Honda And Acura Replay Attack Lets Hackers Remotely Unlock And Start These Cars
The researchers posted videos demonstrating the use of a radio transceiver to lock, unlock, and remote start a 10th generation (2016-2021) Honda Civic. The videos serve as proof of the capacity for hackers to exploit a vulnerability in Honda’s remote keyless system. The vulnerability is listed in the National Vulnerability Database (NVD) as CVE-2022-27254.
Honda’s remote keyless system sends the same radio frequency (RF) code for each request, rather than employing a rolling code technique that changes the code after every request. As a result, Hondas and Acuras are open to replay Man-in-the-Middle (MitM) attacks, where a nearby attacker intercepts the RF codes sent by the remote keyless system and later uses them to lock, unlock, or remote start the car. If Honda’s remote keyless system used rolling codes, then a code intercepted by an attacker could not be re-used, but, since the codes are fixed, an attacker can re-transmit an intercepted code and successfully lock, unlock, or remote start the target vehicle.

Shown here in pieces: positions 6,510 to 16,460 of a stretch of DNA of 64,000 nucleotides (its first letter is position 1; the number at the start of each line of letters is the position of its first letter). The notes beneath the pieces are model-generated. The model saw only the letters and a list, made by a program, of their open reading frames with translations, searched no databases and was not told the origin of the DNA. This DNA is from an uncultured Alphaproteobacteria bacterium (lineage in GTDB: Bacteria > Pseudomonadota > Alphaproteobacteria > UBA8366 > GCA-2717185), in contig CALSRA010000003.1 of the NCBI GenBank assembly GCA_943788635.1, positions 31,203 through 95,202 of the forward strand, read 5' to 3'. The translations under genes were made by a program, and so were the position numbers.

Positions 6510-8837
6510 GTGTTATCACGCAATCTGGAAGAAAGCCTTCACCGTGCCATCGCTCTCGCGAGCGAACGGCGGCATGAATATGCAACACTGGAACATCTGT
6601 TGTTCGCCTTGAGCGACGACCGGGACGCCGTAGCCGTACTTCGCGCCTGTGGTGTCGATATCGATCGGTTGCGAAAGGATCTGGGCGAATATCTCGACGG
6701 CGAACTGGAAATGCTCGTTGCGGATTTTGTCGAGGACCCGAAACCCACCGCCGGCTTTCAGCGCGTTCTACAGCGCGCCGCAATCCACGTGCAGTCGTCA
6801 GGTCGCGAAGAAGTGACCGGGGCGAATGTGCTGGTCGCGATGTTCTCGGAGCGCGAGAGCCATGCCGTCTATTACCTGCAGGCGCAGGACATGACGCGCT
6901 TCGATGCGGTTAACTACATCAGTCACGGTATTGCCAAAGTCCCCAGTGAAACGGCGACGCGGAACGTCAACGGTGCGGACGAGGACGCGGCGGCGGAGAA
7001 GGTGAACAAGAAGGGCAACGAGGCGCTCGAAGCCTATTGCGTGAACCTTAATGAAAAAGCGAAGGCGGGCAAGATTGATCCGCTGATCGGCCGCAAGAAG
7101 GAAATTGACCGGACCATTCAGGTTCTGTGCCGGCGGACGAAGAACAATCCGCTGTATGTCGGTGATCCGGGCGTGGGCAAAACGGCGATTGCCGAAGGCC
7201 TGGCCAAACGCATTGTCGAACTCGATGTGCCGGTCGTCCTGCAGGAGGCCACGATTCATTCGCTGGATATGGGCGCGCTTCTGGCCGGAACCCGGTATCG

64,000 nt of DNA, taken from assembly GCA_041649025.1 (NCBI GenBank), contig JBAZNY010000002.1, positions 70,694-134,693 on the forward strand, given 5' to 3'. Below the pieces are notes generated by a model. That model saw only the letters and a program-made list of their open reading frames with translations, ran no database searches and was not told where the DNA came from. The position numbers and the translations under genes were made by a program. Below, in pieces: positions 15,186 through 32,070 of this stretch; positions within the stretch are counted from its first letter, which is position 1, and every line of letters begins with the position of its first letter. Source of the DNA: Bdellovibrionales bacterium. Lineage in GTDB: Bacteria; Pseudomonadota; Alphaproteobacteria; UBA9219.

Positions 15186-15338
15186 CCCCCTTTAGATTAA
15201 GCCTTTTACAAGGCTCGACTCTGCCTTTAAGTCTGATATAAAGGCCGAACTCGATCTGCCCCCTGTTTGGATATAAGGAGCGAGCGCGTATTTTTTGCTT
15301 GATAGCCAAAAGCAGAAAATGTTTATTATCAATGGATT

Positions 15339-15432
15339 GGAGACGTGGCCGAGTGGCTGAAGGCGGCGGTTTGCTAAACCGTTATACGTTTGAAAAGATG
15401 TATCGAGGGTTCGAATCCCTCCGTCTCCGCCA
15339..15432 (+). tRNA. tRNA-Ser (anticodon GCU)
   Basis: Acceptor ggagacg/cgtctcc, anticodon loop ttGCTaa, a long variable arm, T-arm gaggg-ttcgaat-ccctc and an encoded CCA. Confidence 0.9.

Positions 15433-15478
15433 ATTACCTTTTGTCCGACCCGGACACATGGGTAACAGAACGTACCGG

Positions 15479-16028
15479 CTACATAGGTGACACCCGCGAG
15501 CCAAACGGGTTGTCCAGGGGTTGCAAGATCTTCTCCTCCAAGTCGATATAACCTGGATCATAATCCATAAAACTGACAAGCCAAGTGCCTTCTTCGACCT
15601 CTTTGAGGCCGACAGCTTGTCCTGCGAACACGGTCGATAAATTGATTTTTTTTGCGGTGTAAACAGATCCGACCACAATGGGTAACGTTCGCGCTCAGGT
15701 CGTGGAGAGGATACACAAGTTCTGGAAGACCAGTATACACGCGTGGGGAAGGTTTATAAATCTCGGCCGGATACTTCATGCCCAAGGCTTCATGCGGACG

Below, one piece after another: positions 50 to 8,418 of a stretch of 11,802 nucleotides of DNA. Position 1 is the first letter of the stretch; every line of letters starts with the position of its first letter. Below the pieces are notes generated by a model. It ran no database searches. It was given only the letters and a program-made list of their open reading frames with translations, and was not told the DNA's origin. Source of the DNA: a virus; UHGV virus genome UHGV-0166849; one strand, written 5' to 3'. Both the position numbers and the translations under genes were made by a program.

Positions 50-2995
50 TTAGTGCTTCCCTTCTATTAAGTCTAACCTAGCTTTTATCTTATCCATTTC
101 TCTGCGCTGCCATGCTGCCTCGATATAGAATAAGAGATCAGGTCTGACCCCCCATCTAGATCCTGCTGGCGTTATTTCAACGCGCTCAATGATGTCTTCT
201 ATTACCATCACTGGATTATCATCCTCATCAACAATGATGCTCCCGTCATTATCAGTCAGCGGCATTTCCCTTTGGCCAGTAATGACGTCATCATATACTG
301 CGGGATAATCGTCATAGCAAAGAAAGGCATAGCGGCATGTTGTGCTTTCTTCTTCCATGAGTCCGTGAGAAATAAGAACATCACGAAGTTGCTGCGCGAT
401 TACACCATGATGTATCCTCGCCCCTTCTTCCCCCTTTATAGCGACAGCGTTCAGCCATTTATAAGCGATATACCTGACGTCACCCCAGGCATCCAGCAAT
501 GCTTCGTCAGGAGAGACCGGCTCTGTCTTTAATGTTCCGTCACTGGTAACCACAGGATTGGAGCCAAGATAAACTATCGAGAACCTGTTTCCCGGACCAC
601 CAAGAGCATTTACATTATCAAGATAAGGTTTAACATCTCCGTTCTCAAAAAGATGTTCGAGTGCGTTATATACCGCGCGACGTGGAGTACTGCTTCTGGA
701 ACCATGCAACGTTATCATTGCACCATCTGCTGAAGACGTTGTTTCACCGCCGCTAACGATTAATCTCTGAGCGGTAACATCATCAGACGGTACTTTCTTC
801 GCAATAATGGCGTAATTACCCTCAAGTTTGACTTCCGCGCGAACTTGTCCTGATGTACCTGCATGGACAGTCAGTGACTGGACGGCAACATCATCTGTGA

A Honda spokesperson told BleepingComputer that it has not verified these vulnerabilities, but that if the company’s vehicles are vulnerable, “Honda has no plan to update older vehicles at this time.” The spokesperson added that “It's important to note, while Honda regularly improves security features as new models are introduced, determined and technologically sophisticated thieves are also working to overcome those features.” The spokesperson also pointed out that this hack is relatively sophisticated compared to other means that thieves can use to access vehicles and requires thieves to be within close proximity of a vehicle while the owner is using the remote keyless system.